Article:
Using such automatic text mining tools with an unstructured blog is not helpful. Using it with an academic or educational website is even worse. The result here is that the hot topics of the day are Penn Museum and archaeology. My aim here is not to criticise the Penn Museum blog but to ask a broader question. In academic areas, how useful is the blog? We are only talking about blogs that publish original contents here. Scholars need to access lots of such original content, but anything that makes it difficult to find the information is not welcome. Blogs often prosper as instant publishing systems for ideas and comments that are time-sensitive, i.e., they can make an impact now and are unlikely to be read after a relatively short time. If original material is published, however, access to any post must be as quick as possible, and as the Penn Museum blog shows with its many but inefficient ways to access it, once the information moves down from the first page it is difficult to find.

Further questions come to mind. How confined must a blog's subject matter be to make it useful? How much oversight is required? There is no denying that in my experience blogs that report on a single project are the most successful. The fewer the authors for each category, the more consistent it will be. Even so, however, blogs prompt many useless posts, and they are often filled with personal opinions or simply day-to-day life. Trying to follow such blogs may prompt questions about their intended readership, but after the project or field work is completed, usually a month or two, there is simply no point in attempting to read all that has been written. Authors should return to the useful posts and attempt to adapt them into proper articles. Publishing full articles (longer essays or preliminary reports) in blog posts still does not work for the lack of an index; blogs by their nature are open-ended.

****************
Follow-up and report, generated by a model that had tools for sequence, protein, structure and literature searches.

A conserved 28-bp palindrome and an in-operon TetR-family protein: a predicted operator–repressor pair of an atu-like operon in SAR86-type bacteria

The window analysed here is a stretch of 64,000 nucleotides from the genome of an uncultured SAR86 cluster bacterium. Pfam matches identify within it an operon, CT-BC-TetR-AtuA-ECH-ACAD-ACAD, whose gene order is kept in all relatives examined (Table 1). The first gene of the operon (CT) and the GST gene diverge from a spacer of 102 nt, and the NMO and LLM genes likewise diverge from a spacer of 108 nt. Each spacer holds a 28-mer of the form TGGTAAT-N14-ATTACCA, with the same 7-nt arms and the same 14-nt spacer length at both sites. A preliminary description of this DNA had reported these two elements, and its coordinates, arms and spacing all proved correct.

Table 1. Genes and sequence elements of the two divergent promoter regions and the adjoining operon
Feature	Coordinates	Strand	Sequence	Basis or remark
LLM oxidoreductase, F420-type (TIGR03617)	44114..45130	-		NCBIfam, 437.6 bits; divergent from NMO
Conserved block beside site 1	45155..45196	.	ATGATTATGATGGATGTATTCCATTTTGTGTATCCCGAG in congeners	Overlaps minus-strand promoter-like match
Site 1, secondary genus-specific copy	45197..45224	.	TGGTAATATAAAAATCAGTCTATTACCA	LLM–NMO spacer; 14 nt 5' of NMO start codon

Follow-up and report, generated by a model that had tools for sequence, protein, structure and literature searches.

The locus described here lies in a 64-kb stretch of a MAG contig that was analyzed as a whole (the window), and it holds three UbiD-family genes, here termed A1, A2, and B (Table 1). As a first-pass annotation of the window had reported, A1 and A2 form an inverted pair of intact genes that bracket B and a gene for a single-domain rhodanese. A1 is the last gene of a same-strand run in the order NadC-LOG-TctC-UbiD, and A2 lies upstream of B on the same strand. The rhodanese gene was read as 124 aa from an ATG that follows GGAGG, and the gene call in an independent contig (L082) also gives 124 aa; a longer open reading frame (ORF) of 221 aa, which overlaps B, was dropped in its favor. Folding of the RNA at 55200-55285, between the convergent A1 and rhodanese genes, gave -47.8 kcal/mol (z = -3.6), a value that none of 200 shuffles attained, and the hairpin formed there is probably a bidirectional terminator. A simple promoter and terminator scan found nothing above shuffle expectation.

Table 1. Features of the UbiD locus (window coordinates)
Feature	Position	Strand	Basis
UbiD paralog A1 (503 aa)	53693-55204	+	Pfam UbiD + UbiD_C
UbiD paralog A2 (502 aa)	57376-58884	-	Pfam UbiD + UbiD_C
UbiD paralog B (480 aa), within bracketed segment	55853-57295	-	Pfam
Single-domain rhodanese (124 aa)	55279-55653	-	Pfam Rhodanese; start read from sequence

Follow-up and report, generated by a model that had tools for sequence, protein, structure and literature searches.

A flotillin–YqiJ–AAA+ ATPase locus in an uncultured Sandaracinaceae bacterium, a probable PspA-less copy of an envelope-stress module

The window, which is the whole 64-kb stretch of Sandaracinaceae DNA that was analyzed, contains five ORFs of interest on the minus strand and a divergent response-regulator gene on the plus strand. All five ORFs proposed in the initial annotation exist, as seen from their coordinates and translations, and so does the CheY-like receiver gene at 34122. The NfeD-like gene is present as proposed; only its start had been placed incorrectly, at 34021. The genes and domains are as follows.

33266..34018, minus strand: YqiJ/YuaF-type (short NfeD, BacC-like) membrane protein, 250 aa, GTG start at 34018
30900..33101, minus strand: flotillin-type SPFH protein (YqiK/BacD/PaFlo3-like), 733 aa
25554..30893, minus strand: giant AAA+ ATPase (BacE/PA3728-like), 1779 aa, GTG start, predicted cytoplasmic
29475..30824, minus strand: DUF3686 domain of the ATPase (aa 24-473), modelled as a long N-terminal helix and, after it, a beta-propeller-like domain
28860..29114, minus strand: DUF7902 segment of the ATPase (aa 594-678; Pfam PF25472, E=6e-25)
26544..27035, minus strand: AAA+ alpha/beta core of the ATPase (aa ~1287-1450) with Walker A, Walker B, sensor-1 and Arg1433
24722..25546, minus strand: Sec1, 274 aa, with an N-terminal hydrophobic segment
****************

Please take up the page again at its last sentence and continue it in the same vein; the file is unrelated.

Finally I have to ask what kinds of rules or limits on use should be applied, and how they should be enforced. The idea of sharing ideas and information in a relatively informal setting is so attractive that many of us, myself included, have found the format useful, but it seems time to reconsider the limits on this format's utility and to think more carefully about its use. As widespread and easy to use as blogs may be, I do not see a role for them in publishing scholarly work, and they do not fare much better even in engaging the public. The critical point to remember here is that blogs are meant to be a channel to spread ideas and comments very fast, but also only for a short time. They have been replaced mostly by social media feeds for the general public, but these are even less suited for academic communication. Blogs have retained their fascination among scholars largely because the longer posts typical of these authors fit badly in the social media formats. Yet, this is not a good reason to continue using them. Are they necessary complements to websites, worth the time spent in writing them, or just a fashion already fading out? Do they matter at all? Are these blogs influencing anyone? These are uncomfortable questions to ask after having spent many hours myself writing posts, but clarity in defining the audience and deciding what kinds of posts are more appropriate is required to ensure that the time spent on them is well spent. Otherwise we are just wasting our (and our readers’) time.

-- Andrea Vianello